Seeking Truth vs. Not Lying

May 18, 2022

Dear Souls and Hearts Members,

We shouldn’t just focus on not telling lies.  If we’re wondering whether something we are about to say is a lie or not and we’re basing our decision on splitting moral hairs around the technical definitions of the words, we have a problem.

We need to focus on truth, not on lies. 

The Catechism of the Catholic Church, paragraph 2465 reads as follows

The Old Testament attests that God is the source of all truth. His Word is truth. His Law is truth. His “faithfulness endures to all generations.” Since God is “true,” the members of his people are called to live in the truth.

Jesus is the way, the truth and the life (cf John 14:6).  He is the Truth.  Jesus doesn’t describe Himself as “the absence of lies.”  He describes himself as being something, not “not being something.”  Of course, there is no deceit in our Lord.  But there is much more to the truth than just the absence of falsehood.  You can think of falsehood as the absence of truth.  Who of us would say the best description of truth is a double negative, “the absence of the absence of truth?”

I am talking about living out a commitment to Truth, not just avoiding the sin of lying.

Truth is not just about obligations to our neighbor…

St. Thomas Aquinas describes how the virtue of truthfulness is primarily grounded in our obligation to truth itself, not just from our obligations to others.  The Angelic Doctor understands lying to be evil, not primarily because we have obligations not to mislead other with falsehoods (and we do have those obligations), but primarily because when we lie, we place ourselves in opposition to the truth. 

We are harmed by telling lies, even when no one is deceived by our falsehoods.  We are harmed by telling lies, even if they seem to benefit our neighbor (like claiming we love Aunt Bee’s eggplant-and-rutabaga casserole as we choke it down with suffering).  Why?  Because lying is fundamentally an offense against God and only secondarily an offense against our neighbor. 

We need to live the truth, in truth and for truth. 

We need to be oriented to the truth.  Living by the truth and for the truth is so much more than avoiding lies.  Being oriented to the truth gives us a clear direction – it says “Go here” instead of the negations of avoiding lies, which at best can say: “Don’t go there.  Or here either.”  Do you see how non-specific avoiding lies is as opposed to seeking the truth?

Pursuing the truth – practical advice

Whenever we ask ourselves if something we’re contemplating doing is a sin, we should also ask if we’re on shaky moral ground.  It’s often the wrong question.  How about asking “What is best in this situation?” or “What is most loving to God and my neighbor?” 

That way, if we fall short what is best, despite our efforts, we will still land in the range of what is morally acceptable.  But if we set our sights and shoot for what’s merely morally acceptable, we’re much more likely to land in what is actually sinful.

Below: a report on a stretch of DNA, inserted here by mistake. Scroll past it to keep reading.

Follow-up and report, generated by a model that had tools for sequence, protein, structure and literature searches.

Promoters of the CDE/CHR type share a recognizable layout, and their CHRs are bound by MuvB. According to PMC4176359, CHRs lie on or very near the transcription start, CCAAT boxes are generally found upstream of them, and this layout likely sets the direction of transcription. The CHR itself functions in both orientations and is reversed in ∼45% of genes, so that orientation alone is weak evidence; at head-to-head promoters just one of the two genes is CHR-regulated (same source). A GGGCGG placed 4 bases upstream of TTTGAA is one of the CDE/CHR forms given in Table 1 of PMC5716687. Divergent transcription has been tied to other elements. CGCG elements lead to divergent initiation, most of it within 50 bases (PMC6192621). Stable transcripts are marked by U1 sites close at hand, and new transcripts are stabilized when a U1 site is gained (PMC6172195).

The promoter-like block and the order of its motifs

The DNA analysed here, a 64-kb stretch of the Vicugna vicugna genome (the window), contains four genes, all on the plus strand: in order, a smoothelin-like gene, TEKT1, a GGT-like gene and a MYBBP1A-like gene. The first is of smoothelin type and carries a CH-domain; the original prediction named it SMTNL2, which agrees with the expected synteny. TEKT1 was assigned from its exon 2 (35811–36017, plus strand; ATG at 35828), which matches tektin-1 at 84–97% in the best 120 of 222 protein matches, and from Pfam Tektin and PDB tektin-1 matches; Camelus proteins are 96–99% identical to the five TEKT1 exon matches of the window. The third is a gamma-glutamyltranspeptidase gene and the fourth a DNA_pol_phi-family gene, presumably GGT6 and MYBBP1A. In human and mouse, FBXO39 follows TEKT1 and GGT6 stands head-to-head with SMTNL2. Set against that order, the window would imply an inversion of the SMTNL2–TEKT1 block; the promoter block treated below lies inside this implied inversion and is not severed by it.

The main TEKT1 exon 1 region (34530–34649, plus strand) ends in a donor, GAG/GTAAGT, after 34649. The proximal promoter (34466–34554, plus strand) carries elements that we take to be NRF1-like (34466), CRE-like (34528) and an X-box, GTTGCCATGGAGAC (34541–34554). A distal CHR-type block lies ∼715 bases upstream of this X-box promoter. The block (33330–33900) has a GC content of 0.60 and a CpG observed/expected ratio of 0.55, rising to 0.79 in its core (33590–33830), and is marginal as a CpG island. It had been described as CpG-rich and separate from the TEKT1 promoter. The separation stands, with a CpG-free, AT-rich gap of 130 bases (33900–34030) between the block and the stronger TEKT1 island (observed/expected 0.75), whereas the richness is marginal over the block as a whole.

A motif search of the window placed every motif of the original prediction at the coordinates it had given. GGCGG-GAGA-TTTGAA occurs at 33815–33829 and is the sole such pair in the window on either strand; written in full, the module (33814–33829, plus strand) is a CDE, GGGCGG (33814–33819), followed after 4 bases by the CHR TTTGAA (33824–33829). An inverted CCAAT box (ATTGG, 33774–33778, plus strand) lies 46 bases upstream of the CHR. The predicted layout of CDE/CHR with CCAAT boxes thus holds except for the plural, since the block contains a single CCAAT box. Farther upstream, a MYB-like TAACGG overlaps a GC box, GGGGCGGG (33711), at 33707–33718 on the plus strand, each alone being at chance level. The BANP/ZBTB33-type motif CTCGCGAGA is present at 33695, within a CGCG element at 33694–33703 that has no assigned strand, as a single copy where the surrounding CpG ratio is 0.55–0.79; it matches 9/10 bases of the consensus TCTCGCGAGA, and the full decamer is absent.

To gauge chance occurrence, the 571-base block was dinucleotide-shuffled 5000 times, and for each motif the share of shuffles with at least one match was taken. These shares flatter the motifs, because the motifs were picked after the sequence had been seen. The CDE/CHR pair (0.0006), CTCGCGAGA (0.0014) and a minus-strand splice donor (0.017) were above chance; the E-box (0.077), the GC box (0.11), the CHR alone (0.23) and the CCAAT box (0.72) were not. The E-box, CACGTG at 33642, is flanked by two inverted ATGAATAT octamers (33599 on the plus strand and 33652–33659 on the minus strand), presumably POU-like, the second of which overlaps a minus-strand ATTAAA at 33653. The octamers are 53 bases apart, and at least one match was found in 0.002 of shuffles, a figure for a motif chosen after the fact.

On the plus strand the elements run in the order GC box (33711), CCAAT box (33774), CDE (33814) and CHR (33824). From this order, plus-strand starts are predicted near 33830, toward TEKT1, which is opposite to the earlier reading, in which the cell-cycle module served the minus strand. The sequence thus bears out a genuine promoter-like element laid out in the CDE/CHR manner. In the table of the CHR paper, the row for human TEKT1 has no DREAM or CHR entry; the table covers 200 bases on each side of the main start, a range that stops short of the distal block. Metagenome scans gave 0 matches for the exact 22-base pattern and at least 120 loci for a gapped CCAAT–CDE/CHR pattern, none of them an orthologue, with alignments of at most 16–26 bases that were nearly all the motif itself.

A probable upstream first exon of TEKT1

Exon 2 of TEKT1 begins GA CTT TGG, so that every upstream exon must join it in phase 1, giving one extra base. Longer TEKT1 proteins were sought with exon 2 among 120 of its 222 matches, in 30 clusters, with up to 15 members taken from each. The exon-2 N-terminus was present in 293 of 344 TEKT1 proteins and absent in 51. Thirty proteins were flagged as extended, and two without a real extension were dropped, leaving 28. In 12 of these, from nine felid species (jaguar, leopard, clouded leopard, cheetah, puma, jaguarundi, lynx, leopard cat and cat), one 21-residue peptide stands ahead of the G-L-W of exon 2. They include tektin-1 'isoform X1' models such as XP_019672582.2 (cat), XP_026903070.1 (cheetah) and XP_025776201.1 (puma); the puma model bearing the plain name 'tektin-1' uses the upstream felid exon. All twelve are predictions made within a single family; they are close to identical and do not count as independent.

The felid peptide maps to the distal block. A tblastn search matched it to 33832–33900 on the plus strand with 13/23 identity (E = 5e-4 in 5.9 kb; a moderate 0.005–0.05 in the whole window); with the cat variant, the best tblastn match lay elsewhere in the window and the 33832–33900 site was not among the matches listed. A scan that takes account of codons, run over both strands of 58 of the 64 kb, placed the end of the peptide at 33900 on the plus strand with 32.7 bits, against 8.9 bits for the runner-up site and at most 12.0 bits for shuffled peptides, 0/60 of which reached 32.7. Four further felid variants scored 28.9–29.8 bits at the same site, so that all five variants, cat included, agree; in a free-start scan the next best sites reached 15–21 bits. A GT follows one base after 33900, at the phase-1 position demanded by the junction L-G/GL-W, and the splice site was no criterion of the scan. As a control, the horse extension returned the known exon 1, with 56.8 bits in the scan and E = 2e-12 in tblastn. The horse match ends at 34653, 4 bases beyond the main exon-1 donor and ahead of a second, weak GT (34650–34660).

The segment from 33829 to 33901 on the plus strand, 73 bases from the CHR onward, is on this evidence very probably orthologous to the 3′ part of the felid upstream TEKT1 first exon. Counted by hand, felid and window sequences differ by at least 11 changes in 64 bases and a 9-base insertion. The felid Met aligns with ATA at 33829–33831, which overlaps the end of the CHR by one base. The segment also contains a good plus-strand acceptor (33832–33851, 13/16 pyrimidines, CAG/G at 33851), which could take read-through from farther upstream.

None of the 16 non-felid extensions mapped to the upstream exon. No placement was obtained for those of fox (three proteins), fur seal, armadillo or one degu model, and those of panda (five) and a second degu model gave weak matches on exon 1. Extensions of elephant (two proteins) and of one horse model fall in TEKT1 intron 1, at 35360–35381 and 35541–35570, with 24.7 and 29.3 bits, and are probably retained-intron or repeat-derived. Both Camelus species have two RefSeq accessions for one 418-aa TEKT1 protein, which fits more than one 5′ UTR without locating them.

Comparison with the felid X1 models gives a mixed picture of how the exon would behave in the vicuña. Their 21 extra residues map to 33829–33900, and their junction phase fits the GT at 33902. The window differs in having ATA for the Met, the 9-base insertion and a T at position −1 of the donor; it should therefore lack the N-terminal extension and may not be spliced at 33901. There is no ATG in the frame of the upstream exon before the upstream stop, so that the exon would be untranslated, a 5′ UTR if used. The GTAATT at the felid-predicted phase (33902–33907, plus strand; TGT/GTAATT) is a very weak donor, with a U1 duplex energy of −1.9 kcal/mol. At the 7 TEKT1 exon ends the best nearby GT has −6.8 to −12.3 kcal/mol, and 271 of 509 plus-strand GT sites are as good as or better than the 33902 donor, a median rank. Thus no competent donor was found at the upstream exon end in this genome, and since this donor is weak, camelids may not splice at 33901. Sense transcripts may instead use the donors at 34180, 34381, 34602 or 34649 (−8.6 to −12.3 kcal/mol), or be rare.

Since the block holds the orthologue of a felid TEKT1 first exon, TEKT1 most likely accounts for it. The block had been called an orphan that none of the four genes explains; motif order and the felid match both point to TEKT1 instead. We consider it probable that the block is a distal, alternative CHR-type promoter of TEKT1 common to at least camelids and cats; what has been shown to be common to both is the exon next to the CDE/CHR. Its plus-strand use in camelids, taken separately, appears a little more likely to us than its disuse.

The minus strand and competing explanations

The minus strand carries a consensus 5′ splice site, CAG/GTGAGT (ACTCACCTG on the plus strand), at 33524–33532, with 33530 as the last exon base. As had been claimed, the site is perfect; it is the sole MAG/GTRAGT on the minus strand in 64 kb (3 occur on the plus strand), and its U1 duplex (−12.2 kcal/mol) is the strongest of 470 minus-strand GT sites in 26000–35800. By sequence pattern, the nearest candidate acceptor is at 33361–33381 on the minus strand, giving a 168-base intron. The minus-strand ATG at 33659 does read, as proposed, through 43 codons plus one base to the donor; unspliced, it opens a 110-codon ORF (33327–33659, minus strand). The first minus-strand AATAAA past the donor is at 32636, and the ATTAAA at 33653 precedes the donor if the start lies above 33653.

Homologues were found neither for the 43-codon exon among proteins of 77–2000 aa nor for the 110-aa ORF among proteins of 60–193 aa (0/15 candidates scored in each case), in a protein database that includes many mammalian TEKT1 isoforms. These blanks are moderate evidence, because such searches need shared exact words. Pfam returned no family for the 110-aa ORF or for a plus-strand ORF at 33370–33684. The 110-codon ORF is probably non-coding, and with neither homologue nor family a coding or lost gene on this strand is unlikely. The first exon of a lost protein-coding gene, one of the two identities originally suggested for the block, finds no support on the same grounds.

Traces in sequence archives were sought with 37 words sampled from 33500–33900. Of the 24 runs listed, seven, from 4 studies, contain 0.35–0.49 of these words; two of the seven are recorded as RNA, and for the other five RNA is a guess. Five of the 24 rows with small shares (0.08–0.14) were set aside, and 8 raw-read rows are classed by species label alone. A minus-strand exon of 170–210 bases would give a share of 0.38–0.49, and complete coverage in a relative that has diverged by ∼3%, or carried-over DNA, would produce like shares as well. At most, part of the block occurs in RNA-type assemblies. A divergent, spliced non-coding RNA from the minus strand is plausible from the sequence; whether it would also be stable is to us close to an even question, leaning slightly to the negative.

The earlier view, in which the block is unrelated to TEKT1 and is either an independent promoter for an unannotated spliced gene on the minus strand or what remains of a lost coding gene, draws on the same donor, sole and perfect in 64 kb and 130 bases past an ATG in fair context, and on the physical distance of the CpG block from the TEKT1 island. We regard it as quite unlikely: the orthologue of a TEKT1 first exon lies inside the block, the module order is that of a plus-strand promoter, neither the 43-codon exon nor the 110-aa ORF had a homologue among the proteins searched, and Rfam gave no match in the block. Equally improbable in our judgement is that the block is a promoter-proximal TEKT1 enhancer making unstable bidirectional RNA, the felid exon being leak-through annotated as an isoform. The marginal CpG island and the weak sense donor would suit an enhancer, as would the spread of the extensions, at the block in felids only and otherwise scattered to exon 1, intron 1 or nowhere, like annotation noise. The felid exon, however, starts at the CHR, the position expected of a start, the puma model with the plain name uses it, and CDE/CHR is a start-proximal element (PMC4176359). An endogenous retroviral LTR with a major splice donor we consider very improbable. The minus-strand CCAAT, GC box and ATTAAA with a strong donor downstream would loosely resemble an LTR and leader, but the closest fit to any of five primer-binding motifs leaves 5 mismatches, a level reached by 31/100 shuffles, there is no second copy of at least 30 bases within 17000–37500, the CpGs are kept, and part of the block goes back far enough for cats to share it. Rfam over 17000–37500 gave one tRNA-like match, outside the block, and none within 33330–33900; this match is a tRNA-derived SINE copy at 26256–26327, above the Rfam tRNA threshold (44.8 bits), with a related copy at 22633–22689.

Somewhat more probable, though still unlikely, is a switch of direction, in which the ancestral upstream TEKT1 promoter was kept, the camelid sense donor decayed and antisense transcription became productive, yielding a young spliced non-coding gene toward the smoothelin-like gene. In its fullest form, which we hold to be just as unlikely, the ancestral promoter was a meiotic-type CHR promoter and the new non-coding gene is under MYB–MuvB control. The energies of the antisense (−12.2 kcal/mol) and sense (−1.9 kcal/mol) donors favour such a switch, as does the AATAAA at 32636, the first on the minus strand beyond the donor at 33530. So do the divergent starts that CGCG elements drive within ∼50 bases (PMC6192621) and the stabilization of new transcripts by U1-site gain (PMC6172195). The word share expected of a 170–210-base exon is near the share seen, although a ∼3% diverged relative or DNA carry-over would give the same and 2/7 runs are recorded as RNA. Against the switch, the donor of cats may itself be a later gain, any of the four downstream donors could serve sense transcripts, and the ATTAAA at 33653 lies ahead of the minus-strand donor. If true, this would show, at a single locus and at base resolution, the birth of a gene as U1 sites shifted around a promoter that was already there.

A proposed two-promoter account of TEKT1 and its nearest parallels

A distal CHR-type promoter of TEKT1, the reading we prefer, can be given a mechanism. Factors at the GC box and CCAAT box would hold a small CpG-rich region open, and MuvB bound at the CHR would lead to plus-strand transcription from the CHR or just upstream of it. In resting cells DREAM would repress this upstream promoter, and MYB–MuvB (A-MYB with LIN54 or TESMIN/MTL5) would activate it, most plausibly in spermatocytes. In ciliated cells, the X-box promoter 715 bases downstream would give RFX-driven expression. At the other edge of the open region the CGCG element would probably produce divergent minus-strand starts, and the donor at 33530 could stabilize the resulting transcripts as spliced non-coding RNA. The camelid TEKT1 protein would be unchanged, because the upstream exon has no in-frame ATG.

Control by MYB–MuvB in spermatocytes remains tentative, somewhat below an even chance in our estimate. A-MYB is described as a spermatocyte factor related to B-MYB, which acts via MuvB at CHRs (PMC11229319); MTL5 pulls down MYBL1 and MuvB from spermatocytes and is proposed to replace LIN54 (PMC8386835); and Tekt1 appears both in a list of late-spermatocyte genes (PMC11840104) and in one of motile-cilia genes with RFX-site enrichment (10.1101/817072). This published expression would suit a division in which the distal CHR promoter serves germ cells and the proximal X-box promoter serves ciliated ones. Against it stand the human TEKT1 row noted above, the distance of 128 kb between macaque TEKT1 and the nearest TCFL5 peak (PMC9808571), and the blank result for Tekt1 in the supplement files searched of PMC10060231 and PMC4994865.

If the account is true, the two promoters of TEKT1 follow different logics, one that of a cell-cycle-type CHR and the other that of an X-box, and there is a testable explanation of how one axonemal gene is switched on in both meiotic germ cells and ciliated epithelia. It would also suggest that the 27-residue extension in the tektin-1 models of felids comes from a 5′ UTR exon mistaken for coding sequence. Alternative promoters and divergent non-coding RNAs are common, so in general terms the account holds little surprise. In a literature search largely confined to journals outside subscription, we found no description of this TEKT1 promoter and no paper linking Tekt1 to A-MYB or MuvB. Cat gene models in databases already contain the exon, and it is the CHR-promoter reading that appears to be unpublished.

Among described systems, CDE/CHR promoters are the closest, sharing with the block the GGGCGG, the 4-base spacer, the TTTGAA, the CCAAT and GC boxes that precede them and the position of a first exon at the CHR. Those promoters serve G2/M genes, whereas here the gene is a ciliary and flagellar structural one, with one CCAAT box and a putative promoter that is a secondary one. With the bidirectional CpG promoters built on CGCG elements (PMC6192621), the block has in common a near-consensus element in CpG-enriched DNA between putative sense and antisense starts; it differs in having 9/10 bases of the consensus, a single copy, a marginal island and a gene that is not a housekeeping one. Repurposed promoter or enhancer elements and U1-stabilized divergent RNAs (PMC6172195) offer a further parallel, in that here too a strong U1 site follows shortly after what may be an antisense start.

Living the truth can be hard

Living the truth can be hard in a world that seems so far from it.  People discuss and bemoan the prevalence of the lying of our politicians and government officials.   There can be so many motivations to move away from the truth.

But this is not new; falsehoods and lies have been prevalent for thousands of years.  King David in Psalm 116:10-11 writes:

I believed, even when I spoke: “I am greatly afflicted”;  I said in my alarm, “All men are liars.”

One of the distinguishing characteristics of many early Christians is that they did not lie.  They did not lie even when it cost them their lives in martyrdom.  The Catechism of the Catholic Church includes paragraph 2473 on martyrdom under the section on “Bearing Witness to the Truth.”

Martyrdom is the supreme witness given to the truth of the faith: it means bearing witness even unto death. The martyr bears witness to Christ who died and rose, to whom he is united by charity. He bears witness to the truth of the faith and of Christian doctrine. He endures death through an act of fortitude. “Let me become the food of the beasts, through whom it will be given me to reach God.”

The martyrs primarily sought to reach God to be with Him – not merely to avoid the sin of lying.

What would we be willing to offer for the whole Truth?

What we are up to at Souls and Hearts these days…

Check out Dr. Gerry’s recent 15-minute Mastermind Interview with Dominic De Souza of smartcatholics.com – all about the Litanies of the Heart, and also about Dr. Gerry’s history and the history and mission of Souls and Hearts.

If you really like the experiential exercises in the Interior Integration for Catholics podcast, learn more about the  Resilient Catholics Community

Warm regards in Christ and His Mother,

Dr. Peter

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